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Is it possible to use any remote DVCS (GitHub, Bitbucket, etc.) with PCI DSS or should I host Git on my own server?

The repo obviously doesn't store any sensitive CHD information and I do have my own self-hosted git repo inside the PCI DSS zone to protect and monitor code entering and exiting the PCI zone.


Not a duplicate of Can I use GitHub and be PCI DSS compliant? - the standard allegedly changed with the 4.0 version and I want to confirm.

In general, the 4.0 version of the standard brings in a lot of new things compared to the previous versions which invalidates a lot of the PCI DSS related answers on the site - which is why I added the PCI DSS 4.0 tag.

The 4.0 version of the standard says in "Section 4: Scope of PCI DSS Requirements" on page 10:

Tools, code repositories, and systems that implement software configuration management or for deployment of objects to the CDE or to systems that can impact the CDE.

and also in "Requirement 6: Develop and Maintain Secure Systems and Software"

Code repositories that store application code, system configurations, or other configuration data that can impact the security of account data or the CDE are in scope for PCI DSS assessments.

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    is Github in the cardholder environment? What's your scope?
    – schroeder
    Jun 26, 2023 at 10:44
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    What section in PCI v4 concerns you? I think the answer to the question you linked most likely applies here as well.
    – kenlukas
    Jun 26, 2023 at 13:28
  • @kenlukas Page 10 of the v4.0 standard states that "Tools, code repositories, and systems that implement software configuration management or for deployment of objects to the CDE or to systems that can impact the CDE." are in PCI DSS scope - I'll edit the post to add this info
    – bbozo
    Jun 28, 2023 at 11:28
  • @schroeder Github is a service, running on Azure as far as I know, it's not in the CHD environment, does not store sensitive data, but according to v4.0 of the standard code repos are kind of in scope of PCI DSS audits - and Github isn't certified? Or is it?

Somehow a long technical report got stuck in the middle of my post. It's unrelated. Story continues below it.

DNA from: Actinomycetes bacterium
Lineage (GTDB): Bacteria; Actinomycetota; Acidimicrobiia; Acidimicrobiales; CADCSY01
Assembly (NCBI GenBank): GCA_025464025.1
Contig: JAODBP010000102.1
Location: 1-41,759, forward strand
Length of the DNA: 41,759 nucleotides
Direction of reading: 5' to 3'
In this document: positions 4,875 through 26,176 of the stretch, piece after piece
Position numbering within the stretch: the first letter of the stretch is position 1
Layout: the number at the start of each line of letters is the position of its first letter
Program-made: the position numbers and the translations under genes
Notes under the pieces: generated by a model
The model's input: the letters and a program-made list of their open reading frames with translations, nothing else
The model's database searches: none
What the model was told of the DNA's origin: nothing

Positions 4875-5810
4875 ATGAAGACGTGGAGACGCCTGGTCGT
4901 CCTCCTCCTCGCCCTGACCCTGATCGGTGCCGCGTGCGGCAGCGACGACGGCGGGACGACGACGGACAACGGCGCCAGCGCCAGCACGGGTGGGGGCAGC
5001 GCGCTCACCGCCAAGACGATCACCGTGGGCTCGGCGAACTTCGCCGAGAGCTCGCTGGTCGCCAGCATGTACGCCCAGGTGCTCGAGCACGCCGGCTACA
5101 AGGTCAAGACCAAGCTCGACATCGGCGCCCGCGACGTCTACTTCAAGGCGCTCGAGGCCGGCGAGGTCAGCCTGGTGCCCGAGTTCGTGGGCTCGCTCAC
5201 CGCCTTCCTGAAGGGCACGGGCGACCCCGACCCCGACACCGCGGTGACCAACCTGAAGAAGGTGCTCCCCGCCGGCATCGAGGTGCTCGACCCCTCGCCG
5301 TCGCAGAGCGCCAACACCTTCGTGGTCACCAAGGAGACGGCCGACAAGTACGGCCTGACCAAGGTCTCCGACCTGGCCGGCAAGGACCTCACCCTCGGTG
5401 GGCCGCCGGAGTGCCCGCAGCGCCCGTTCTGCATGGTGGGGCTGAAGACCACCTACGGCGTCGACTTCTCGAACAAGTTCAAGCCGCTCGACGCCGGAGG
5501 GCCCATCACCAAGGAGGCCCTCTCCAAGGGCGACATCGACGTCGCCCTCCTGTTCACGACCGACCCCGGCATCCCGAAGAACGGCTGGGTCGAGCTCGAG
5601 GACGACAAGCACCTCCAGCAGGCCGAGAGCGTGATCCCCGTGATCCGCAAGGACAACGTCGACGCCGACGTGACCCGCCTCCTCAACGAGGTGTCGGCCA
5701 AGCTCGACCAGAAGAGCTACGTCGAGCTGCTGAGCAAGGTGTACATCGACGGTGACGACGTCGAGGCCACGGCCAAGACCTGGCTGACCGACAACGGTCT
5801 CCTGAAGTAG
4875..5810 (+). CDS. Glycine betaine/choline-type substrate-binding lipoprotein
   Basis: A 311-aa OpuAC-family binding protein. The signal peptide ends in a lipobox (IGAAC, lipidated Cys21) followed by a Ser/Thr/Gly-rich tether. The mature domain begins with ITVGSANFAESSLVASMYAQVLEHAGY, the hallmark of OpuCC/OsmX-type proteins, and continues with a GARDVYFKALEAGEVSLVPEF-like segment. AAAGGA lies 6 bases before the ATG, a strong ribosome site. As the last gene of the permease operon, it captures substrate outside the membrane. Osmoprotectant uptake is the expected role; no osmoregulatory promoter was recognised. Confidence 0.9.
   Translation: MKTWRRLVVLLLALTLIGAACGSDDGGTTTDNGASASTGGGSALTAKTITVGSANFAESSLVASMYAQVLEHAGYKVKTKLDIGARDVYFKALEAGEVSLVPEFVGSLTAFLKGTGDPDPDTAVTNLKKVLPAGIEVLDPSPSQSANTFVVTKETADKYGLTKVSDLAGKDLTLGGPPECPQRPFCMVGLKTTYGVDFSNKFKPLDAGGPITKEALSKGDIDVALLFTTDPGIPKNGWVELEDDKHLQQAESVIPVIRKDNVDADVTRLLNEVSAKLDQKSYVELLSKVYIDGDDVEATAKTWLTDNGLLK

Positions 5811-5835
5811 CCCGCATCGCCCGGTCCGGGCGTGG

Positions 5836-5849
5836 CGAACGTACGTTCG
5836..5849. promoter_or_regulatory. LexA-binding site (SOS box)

– bbozo
    Jun 28, 2023 at 11:30
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    So, if you know all this, then your question doesn't make sense. Wherever your code is, it needs to meet the requirements. So, as I asked, are you hosting code in Github that affects the CDE and is it in scope? If it is, then you need to follow Requirement 6. If you can do that with Github, then you're fine.
    – schroeder
    Jun 28, 2023 at 11:41

2 Answers 2

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As a PCI QSA now for close to 20 years, @bbozo's question is spot on. PCI DSS v4 specifically calls out "source code management tools" as an example of system components that can impact the security of the cardholder data environment (CDE). An example use case is "We use Terraform to build out our AWS environment at the end of every sprint." Because Terraform directly configures the security of all of the AWS Things, the source of truth for Terraform (GitHub) can impact the security of the CDE. By the way, the same thing goes for other items listed as examples in the same line on page 10 -- CI/CD tools and services come to mind too such a local implementation of Jenkins or CircleCI, Azure DevOps, AWS Code Pipeline, etc.

To the OP's question, yes, it should be possible to use GitHub in a PCI compliant manner. The real question here is "will GitHub provide a PCI DSS Attestation of Compliance (AoC) completed by an external QSA, or will they participate in each of their customers' PCI DSS assessments?"

My current customer passed along an update based on their meeting with GH today. Yes, it is possible to obtain a PCI DSS AOC from GitHub. It is available to GitHub Enterprise customers.

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I'm not a QSA but as I understand it from reading the PCI DSS 4.0 requirements, there are 2 possibilities if you're using Github:

  1. Github can affect the security of the CDE, so is in scope and subject to various requirements. @flyguy62n's answer seems to cover this well.
  2. Github cannot affect the security of the CDE, so is not in scope.

I'll focus on the 2nd option here...

This depends on your other processes and tools but might be a better option. If Github was compromised but still couldn't affect the security of the CDE then it's isolated and should be out of scope for many requirements. You may need to be able to demonstrate this to a QSA.

To evaluate this, you'd need to consider things like if an attacker added a commit to the Github repo and if an attacker reset your commits (potentially a rollback attack).

Some techniques that might help:

  • Local or self-hosted repos are the source of truth and code is reviewed before pulling from Github
  • Something checks all commits have a suitable signature
  • Something checks commits haven't been reset, for example by comparing to an append-only log
  • Manual or automated checks to ensure that even if compromised code is heading to production, it still can't affect security in any way (I can't see how this would be practical)

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